By Jim Schutze
By Rachel Watts
By Lauren Drewes Daniels
By Anna Merlan
By Lee Escobedo
Channel 11 investigative reporter Robert Riggs sits on a Florida beach, talking on his cell phone while on vacation, trying to explain how his story two weeks ago caused a huge one-day sell-off of TXU stock.
"We were shocked at the reaction by Wall Street," Riggs says. Nobody, he maintains, thought his story--a look into a very complicated lawsuit brought against TXU by small energy provider Texas Commercial Energy of Garland--would spark trading five times the normal daily amount, which led to a 4.2 percent decline in the stock. "Even we thought it was a bit of an overreaction."
Market analysts agreed, and within a week the stock had climbed back up above $40, about where it stood before the report. Because of the reaction to the report, and because TXU threatened a lawsuit in the wake of its airing, Channel 11 found itself facing charges from TXU--and others who follow the energy industry--that it had hyped an old story and smeared TXU in the process.
The background, condensed as much as possible for those not immediately, wildly interested in energy market squabbles: TCE is like Reliant Energy, one of the new competitors to TXU in the now-deregulated Texas energy industry, only much smaller. The company, because of its relatively shallow pockets, had to purchase energy day to day, not buy it with years-long contracts the way TXU and others do it. This means that when energy prices soar unexpectedly--as they did during a two-day ice storm in Dallas during February 2003--a company like TCE may find itself unable to tote the note. (Refer to the final floor-trading scene between Billy Ray Valentine and the Dukes in the 1983 hit movie Trading Places for context.)
This crippled TCE, which later went bankrupt and blamed TXU for deliberately manipulating energy prices during this time, the same claim made against Enron during the California energy crisis. TCE sued, saying they had tapes of TXU traders manipulating the market (again, à la Enron). TXU denied this, and last month the case was dismissed. TCE is appealing.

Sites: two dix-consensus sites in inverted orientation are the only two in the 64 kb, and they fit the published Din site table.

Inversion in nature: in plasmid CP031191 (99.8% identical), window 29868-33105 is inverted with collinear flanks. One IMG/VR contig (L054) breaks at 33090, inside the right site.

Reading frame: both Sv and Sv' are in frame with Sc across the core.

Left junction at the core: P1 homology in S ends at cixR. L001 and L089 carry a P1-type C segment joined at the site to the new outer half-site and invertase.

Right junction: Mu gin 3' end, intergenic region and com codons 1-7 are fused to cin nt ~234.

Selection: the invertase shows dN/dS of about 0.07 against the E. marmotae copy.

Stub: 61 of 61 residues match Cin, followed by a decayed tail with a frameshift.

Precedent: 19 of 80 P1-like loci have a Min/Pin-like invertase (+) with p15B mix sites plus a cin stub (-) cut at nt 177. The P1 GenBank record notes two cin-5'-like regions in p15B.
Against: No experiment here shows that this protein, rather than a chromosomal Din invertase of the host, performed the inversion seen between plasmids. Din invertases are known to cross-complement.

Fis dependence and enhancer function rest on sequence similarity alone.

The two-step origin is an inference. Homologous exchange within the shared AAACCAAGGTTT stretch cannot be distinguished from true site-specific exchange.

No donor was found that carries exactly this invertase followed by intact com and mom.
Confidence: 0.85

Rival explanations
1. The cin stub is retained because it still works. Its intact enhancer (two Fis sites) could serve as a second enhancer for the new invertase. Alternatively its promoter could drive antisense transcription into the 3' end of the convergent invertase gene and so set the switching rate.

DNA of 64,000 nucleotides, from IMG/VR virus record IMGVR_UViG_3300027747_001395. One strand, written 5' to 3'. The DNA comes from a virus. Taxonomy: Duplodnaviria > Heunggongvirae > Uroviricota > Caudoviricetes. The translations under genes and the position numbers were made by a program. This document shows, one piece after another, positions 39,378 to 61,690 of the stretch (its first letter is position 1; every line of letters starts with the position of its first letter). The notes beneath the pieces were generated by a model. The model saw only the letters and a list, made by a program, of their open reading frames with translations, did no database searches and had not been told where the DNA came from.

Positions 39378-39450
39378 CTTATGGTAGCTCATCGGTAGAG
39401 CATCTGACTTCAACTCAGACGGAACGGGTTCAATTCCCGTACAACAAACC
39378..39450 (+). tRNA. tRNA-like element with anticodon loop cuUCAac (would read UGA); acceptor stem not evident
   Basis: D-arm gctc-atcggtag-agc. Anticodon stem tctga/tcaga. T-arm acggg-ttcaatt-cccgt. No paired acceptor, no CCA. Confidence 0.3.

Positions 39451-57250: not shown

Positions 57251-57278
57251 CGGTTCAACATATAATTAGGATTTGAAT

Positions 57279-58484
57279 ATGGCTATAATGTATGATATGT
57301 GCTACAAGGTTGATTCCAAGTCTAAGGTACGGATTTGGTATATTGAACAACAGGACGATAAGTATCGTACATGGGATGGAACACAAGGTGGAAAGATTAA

Riggs and Channel 11 investigative producer Todd Bensman played portions of those tapes during their news report, which alleged that conversations between traders, although inconclusive, could be interpreted as discussions about purposely cornering the market and refusing to sell until the price had become exorbitant. The report also focused on one trader who worked for Enron in Portland with supervisors who were later indicted and convicted by the feds. Although the report says the trader is "not indicted or accused of any crime," the implication is clear: The excerpts from the tape, added to TCE's claims, married to the fact five former Enron employees work for TXU, all mean that TXU is up to something.
"The Channel 11 report suggests something nefarious is going on, but they never say exactly what it is," says a reporter who has covered this story and asks that his name not be used. "Because people worked for a bad company means they can't go back to work in that field? Please.
"I want to break an Enron story here--who doesn't? But we were all [newspapers, wire services and TV stations, including Channel 11] offered those tapes back in February, and the papers reported on them during the trial. There's not much to them. All they've got is smoke."
(Energy beat reporters for The Dallas Morning News and the Fort Worth Star-Telegram declined comment. Channel 11 says the tapes are more newsworthy now given recent Enron developments.)
TCE was thrilled with the story, immediately sending out tapes of it to local media, along with a press release suggesting that its claims were upheld by the Channel 11 report. (A neat trick, since Channel 11 credited all the allegations to TCE.) And why shouldn't TCE be excited? The lead attorney that handled TCE's lawsuit, talking about a previous case, was recently quoted in the Wall Street Journal as saying, "I was feeding a lot of information to European and U.S. papers. It was part of my strategy to affect the stock price, which I was very successful at."
TXU, on the other hand, immediately issued a press release after the Wall Street reaction saying it was contemplating legal action against TCE based on what it said in the report. Reacting to the sell-off, Merrill Lynch issued a report saying, "TCE's allegations are not new as it has been claiming that market manipulation (rather than its own adoption of a risky short energy strategy) were the ultimate cause of its failure." It then called the sell-off of TXU stock an "overreaction" and reissued its "buy" rating. Wells Fargo also advised stockbrokers that the Channel 11 report was "without merit."
Chris Schein, spokesman for TXU, says he doesn't go that far. He even called Bensman to say he was glad Channel 11 let TXU tell its side in the report. "Besides, I know the limitations of electronic media, and it's hard for them to fully look at a story this complicated." He stresses, though, that he thinks the characterization of TXU as somehow engaging in Enron-like activity, as well as the treatment of the former Enron employee who now works for TXU, "was way over the top," saying, "We shouldn't attach a scarlet letter to people just because they worked at Enron."